DID YOU READ

Hollywood’s top 10 maverick directors

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Hollywood demands plenty from directors. In a forest of remade classics, “Chipmunks” sequels and other safe, dependable investments, studios want bankable reasons to invest in innovation. Indie filmdom has long been a launchpad for Hollywood careers, but only a select few filmmakers can claim to have gone against the grain with enough force to change long-term trends.

From Spike Lee and Woody Allen’s takes on New York life to Stanley Kubrick and James Cameron’s new experiments with special effects, these ten directors topped our list of wave-makers and game-changers. Each of them showed the establishment how approach movies from new perspectives, and each one deserves to be called a maverick.

Some of these towering figures are no longer with us, and a few are still making their marks, but we have them all to thank for heading into new territory and ensuring that other creators down the line would be inspired to think differently as well.

For more on today’s maverick filmmakers, tune in to the 2012 Spirit Awards on Saturday, February 25 at 10/9c on IFC. And while you’re watching, don’t forget to log into IFC.com chat with our movie experts LIVE via IFC Sync, presented by Capital One.


10. Amy Heckerling

Career highlights: “Fast Times at Ridgemont High,” ”European Vacation,” “Clueless”
Paved the way for: Judd Apatow, Kevin Smith and John Hughes

Heckerling gained a cult foothold in an overwhelmingly male-dominated class of directors when her film “Fast Times at Ridgemont High” debuted in 1982. “European Vacation” and “Look Who’s Talking” cemented her place in ‘80s comedy, but they also proved her ability to score big rankings and dollars at the box office.


9. Robert Redford

Career highlights: “Ordinary People,” “Quiz Show”
Paved the way for: Quentin Tarantino, Steven Soderbergh and Darren Aronofsky

It is difficult to understate the importance of Redford’s career and the extent of his impact on film both inside and outside of Hollywood. After building a formidable acting career (which already included an Oscar nomination for “The Sting”), he earned a directing win right out of the gate for 1980’s “Ordinary People.” His honorary Oscar in 2002 speaks for his career as a whole, though, as well as the importance of the Sundance Institute, which has opened big doors for countless directors and independent projects.


8. Kathryn Bigelow

Career highlights: “Near Dark,” “Point Break,” “The Hurt Locker”
Paved the way for: The Wachowskis and Mary Harron

A diehard indie filmmaker throughout her career, Bigelow made history with her 2009 Best Director Oscar for “The Hurt Locker.” She was the first woman to win in the category, but it only marks the tip of her iceberg-sized career. Few resumes come with credits as diverse and awesome as her jarring Best Picture-winner, “Point Break” and “Near Dark”—regardless of gender. When it comes to directors, her creative brilliance and scope are in a class of their own.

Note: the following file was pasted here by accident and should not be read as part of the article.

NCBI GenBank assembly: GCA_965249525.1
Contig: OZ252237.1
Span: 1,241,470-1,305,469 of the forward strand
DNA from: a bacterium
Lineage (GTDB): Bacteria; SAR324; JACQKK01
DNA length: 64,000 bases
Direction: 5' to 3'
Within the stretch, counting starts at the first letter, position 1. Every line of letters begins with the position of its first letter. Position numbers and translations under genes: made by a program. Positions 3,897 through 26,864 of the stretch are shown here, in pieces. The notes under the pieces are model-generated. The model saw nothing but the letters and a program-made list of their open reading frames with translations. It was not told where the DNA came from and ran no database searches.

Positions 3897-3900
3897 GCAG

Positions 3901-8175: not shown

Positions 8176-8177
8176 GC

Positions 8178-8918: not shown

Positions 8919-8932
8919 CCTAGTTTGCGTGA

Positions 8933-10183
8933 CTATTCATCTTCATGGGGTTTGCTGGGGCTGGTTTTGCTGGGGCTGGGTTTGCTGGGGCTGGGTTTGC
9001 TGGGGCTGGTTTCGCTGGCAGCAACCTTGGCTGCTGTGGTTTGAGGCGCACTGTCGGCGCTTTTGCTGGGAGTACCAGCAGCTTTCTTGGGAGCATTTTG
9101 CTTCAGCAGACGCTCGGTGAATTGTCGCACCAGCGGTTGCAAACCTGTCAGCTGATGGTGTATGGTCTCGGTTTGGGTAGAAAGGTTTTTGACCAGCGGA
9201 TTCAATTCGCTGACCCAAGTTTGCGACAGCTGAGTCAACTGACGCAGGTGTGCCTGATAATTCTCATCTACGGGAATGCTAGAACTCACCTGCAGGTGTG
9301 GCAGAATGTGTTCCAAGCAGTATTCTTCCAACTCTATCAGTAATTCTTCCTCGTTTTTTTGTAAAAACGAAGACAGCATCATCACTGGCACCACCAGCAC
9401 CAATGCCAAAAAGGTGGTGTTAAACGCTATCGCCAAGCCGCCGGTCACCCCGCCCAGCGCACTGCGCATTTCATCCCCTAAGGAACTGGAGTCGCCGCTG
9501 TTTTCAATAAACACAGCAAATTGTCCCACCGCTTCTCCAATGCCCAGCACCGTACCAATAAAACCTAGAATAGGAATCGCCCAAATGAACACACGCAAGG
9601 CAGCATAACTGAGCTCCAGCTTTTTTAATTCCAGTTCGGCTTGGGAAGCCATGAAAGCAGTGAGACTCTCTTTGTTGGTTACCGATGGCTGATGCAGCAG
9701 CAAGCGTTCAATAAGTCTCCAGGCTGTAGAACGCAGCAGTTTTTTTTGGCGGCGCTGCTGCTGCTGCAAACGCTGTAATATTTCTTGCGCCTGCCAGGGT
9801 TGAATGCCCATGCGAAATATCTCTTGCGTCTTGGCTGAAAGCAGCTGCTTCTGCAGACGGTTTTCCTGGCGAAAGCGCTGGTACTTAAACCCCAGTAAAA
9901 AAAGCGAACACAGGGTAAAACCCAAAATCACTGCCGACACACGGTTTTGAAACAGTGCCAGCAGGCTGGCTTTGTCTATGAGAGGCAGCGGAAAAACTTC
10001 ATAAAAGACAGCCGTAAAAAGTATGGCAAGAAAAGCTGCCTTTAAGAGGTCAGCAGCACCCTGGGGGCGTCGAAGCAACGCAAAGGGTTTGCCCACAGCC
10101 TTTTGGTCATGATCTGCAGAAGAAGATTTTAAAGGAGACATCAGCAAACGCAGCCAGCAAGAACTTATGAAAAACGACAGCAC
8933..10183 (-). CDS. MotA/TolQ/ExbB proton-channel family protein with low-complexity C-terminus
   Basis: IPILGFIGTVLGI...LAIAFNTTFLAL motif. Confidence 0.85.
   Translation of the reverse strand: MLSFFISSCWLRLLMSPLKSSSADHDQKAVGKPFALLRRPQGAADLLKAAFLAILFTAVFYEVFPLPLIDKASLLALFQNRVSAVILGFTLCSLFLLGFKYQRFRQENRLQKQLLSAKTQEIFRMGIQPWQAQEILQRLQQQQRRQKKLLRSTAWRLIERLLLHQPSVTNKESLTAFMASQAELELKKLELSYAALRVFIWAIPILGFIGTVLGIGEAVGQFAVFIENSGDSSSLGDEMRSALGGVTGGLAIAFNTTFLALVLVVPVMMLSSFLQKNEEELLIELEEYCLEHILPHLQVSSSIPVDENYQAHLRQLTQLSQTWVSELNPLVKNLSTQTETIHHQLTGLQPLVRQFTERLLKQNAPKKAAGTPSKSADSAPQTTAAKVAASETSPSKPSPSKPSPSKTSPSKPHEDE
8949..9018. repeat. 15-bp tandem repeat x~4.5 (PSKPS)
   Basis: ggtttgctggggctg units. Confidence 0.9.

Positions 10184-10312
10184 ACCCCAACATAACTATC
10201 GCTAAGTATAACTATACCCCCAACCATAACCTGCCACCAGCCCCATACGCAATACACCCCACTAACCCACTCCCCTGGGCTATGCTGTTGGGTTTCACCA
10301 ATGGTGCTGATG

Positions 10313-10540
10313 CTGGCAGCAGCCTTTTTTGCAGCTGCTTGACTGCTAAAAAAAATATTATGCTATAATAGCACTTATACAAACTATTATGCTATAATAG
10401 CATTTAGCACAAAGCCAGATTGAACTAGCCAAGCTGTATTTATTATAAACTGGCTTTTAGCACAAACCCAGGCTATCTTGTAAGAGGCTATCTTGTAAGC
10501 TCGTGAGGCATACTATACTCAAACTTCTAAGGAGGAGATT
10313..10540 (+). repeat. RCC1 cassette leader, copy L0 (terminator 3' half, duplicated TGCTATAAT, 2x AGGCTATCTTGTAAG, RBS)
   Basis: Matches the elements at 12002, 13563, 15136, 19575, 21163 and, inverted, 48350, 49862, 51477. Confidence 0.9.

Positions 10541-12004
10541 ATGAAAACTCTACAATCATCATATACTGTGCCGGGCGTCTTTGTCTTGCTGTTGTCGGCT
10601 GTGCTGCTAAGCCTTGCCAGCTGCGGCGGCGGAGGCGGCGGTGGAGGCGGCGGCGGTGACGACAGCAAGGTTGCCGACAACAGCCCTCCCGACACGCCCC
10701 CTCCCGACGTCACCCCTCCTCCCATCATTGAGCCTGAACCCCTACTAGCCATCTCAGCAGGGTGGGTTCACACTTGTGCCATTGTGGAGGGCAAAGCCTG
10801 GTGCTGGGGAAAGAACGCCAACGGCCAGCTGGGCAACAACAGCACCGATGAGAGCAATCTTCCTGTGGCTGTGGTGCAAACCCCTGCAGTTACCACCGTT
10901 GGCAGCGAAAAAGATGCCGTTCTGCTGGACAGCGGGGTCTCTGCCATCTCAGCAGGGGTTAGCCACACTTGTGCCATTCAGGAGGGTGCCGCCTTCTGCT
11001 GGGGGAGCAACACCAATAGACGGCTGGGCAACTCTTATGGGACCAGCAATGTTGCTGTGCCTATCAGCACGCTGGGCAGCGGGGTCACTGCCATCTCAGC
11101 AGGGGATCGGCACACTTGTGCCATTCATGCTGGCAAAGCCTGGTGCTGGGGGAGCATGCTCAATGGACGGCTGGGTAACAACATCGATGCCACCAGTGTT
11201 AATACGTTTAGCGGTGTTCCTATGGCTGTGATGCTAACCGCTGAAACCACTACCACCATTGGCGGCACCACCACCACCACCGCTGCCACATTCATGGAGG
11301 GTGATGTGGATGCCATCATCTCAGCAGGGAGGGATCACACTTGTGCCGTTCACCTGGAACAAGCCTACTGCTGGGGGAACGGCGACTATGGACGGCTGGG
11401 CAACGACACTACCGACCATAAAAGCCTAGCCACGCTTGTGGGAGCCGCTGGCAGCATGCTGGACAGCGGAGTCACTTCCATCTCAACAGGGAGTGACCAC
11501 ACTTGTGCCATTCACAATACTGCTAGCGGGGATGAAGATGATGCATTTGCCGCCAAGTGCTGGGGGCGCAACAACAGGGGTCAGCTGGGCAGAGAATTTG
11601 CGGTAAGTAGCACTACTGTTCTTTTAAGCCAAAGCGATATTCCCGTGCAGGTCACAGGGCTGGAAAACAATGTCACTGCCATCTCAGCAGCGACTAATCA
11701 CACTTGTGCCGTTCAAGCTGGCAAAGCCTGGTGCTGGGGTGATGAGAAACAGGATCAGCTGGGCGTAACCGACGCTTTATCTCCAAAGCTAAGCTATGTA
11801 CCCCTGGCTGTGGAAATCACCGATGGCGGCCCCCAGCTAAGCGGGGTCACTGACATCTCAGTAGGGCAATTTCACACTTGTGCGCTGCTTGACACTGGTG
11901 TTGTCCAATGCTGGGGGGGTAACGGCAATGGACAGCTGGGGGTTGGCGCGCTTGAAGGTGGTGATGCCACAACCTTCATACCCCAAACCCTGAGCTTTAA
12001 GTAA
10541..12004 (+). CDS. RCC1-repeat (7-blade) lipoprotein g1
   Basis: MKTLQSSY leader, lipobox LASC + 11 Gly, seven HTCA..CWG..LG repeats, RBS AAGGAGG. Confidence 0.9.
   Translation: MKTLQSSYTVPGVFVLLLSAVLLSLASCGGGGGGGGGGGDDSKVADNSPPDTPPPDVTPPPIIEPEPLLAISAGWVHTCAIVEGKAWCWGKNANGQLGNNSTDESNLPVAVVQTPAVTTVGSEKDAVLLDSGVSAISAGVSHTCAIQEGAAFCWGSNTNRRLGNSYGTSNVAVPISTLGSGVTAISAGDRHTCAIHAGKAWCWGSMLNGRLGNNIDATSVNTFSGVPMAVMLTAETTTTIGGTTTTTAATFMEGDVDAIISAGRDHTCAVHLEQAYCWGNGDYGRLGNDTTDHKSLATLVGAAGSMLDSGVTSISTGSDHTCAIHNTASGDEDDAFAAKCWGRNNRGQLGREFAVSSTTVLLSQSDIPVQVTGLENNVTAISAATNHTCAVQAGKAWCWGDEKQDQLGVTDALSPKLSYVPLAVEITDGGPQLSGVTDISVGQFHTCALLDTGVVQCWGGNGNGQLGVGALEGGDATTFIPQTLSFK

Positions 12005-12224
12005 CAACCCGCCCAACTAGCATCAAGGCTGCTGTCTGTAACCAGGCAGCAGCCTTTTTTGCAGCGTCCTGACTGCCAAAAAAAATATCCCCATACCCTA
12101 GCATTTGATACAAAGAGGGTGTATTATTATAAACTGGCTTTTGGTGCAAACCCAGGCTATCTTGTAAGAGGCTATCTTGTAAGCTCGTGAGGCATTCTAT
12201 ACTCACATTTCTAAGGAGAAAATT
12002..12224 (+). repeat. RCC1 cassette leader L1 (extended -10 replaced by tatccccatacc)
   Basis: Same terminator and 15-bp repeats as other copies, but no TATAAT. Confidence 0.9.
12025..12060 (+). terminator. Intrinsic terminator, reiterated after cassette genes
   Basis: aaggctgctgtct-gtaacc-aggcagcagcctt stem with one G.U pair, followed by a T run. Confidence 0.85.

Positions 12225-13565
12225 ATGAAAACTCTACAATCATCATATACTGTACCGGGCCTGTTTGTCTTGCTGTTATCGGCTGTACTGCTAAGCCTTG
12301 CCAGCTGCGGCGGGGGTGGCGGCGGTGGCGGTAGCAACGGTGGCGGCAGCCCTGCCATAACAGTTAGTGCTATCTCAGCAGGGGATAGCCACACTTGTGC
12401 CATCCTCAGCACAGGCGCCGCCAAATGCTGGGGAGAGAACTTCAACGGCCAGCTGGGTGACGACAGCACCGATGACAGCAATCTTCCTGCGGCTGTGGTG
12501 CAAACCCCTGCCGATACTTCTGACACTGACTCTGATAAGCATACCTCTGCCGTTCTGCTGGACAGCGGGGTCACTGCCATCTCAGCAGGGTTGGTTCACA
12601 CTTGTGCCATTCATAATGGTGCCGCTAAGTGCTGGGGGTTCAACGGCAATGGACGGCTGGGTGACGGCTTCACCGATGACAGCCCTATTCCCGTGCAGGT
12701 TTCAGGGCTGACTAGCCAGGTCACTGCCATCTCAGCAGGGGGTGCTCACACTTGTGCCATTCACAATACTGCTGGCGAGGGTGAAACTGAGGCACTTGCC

7. Spike Lee

Career highlights: “Do the Right Thing,” “Malcolm X” and “Bamboozled”
Paved the way for: Lee Daniels, John Singleton and Dee Rees

Lee may be a magnet for controversy, but the fact of the matter is that the guy knows how to direct a well-crafted film, even when the project doesn’t translate to a ticket-sales jackpot. “Bamboozled” and “Miracle at St. Anna” have suffered their fair shares of critical attacks, but even when they were getting picked apart, they still introduced discourses on race at the movies that all too often stay clear of the spotlight.


6. Woody Allen

Career highlights: “Annie Hall,” “Manhattan” and “Midnight in Paris”
Paved the way for: Zach Braff, Jon Favreau and Christopher Guest

Woody Allen staked out his own genre of nakedly up-front narrators and navel-gazing New Yorkers, but his larger body of work has been a titanic beacon for aspiring filmmakers of all types. His movies make big budgets and big casts seem absolutely unnecessary, and his use of simple documentary techniques in his comedies paved the way for countless mockumentaries and narrator-driven flicks that have sprouted up in recent decades.

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New Nasty

Whips, Chains and Hand Sanitizer

Turn On The Full Season Of Neurotica At IFC's Comedy Crib

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Jenny Jaffe has a lot going on: She’s writing for Disney’s upcoming Big Hero 6: The Series, developing comedy projects with pals at Devastator Press, and she’s straddling the line between S&M and OCD as the creator and star of the sexyish new series Neurotica, which has just made its debut on IFC’s Comedy Crib. Jenny gave us some extremely intimate insight into what makes Neurotica (safely) sizzle…

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IFC: How would you describe Neurotica to a fancy network executive you met in an elevator?

Jenny: Neurotica is about a plucky Dominatrix with OCD trying to save her small-town dungeon. 

IFC: How would you describe Neurotica to a drunk friend of a friend you met in a bar?

Jenny: Neurotica is about a plucky Dominatrix with OCD trying to save her small-town dungeon. You’re great. We should get coffee sometime. I’m not just saying that. I know other people just say that sometimes but I really feel like we’re going to be friends, you know? Here, what’s your number, I’ll call you so you can have my number! 

IFC: What’s your comedy origin story?